the goodness of the land favored the aggrandizement of particular individuals, and thus created faction which proved a fertile source of ruin. it also invited invasion. accordingly attica, from the poverty of its soil enjoying from a very remote region freedom from faction, never changed its inhabitants. and here is no inconsiderable exemplification of my assertion that the migrations were the cause of there being no correspondent growth in other parts. the most powerful victims of war or faction from the rest of hellas took refuge with the athenians, as a safe retreat; and at an early period, becoming naturalized, swelled the already large population of the city, to such a height that attica became at last too small to hold them; and they had to send out colonies to ionia.
there is also another circumstance which contributes not a little to my conviction of the weakness of ancient times. before the trojan war there is no indication of any common action in hellas, nor indeed of the universal prevalence of the name; on the contrary, before the time of hellen, son of deucalion, no such appellation existed, but the country went by the names of the different tribes, in particular of the pelasgian. it was not till helen and his sons grew strong in phthiotis, and were invited as allies into the other cities, that one by one they gradually acquired from the connection the name hellenes; though a long time elapsed before that name could fasten itself upon all.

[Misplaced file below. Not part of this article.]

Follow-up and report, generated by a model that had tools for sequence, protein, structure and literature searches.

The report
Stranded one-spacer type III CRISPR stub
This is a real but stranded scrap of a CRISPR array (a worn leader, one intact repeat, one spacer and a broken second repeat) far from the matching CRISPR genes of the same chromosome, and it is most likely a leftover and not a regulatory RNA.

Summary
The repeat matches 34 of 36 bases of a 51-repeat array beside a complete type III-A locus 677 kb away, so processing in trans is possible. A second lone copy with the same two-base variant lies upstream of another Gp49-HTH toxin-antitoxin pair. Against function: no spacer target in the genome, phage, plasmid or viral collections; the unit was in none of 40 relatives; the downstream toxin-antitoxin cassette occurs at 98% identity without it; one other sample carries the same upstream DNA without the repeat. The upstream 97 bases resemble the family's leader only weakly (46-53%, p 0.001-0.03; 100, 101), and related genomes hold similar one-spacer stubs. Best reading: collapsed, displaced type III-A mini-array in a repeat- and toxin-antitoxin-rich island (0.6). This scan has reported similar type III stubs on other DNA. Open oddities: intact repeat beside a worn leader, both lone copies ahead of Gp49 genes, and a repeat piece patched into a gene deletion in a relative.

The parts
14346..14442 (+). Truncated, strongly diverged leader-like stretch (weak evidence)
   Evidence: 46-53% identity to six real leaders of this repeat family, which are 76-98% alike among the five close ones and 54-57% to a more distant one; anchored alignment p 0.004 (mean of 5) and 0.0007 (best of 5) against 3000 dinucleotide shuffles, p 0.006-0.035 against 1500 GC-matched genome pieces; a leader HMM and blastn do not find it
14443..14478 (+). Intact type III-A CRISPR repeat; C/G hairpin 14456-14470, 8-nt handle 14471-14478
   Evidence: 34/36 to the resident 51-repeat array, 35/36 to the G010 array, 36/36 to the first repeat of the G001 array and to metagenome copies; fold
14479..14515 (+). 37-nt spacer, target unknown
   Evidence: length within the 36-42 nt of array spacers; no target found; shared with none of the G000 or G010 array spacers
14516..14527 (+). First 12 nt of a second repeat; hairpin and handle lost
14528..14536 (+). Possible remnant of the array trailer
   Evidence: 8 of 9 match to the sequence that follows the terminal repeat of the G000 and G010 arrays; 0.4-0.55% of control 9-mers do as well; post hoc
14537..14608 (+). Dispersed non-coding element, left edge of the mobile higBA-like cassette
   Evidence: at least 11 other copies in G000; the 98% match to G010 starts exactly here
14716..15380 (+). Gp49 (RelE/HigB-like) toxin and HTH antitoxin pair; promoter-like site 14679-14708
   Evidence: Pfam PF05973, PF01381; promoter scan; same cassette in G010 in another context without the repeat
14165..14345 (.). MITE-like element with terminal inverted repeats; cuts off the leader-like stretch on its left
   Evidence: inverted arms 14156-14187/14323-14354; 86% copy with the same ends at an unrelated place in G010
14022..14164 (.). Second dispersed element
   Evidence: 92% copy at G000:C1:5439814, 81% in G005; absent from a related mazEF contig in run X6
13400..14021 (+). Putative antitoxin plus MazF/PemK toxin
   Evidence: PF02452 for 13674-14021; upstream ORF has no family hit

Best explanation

the best proof of this is furnished by homer. born long after the trojan war, he nowhere calls all of them by that name, nor indeed any of them except the followers of achilles from phthiotis, who were the original hellenes: in his poems they are called danaans, argives, and achaeans. he does not even use the term barbarian, probably because the hellenes had not yet been marked off from the rest of the world by one distinctive appellation.
it appears therefore, that the several hellenic communities, comprising not only those who first acquired the name, city by city, as they came to understand each other, but also those who assumed it afterwards as the name of the whole people, were before the trojan war prevented by their want of strength and the absence of mutual intercourse from displaying any collective action. it is only through the study of history that we can appreciate the freedom of the times, to know that a great price was paid for the children of this age to rome. hence it is why that, material gain is nothing short of an abomination and betrayal. all things are informed by history, there is nothing new under the sun.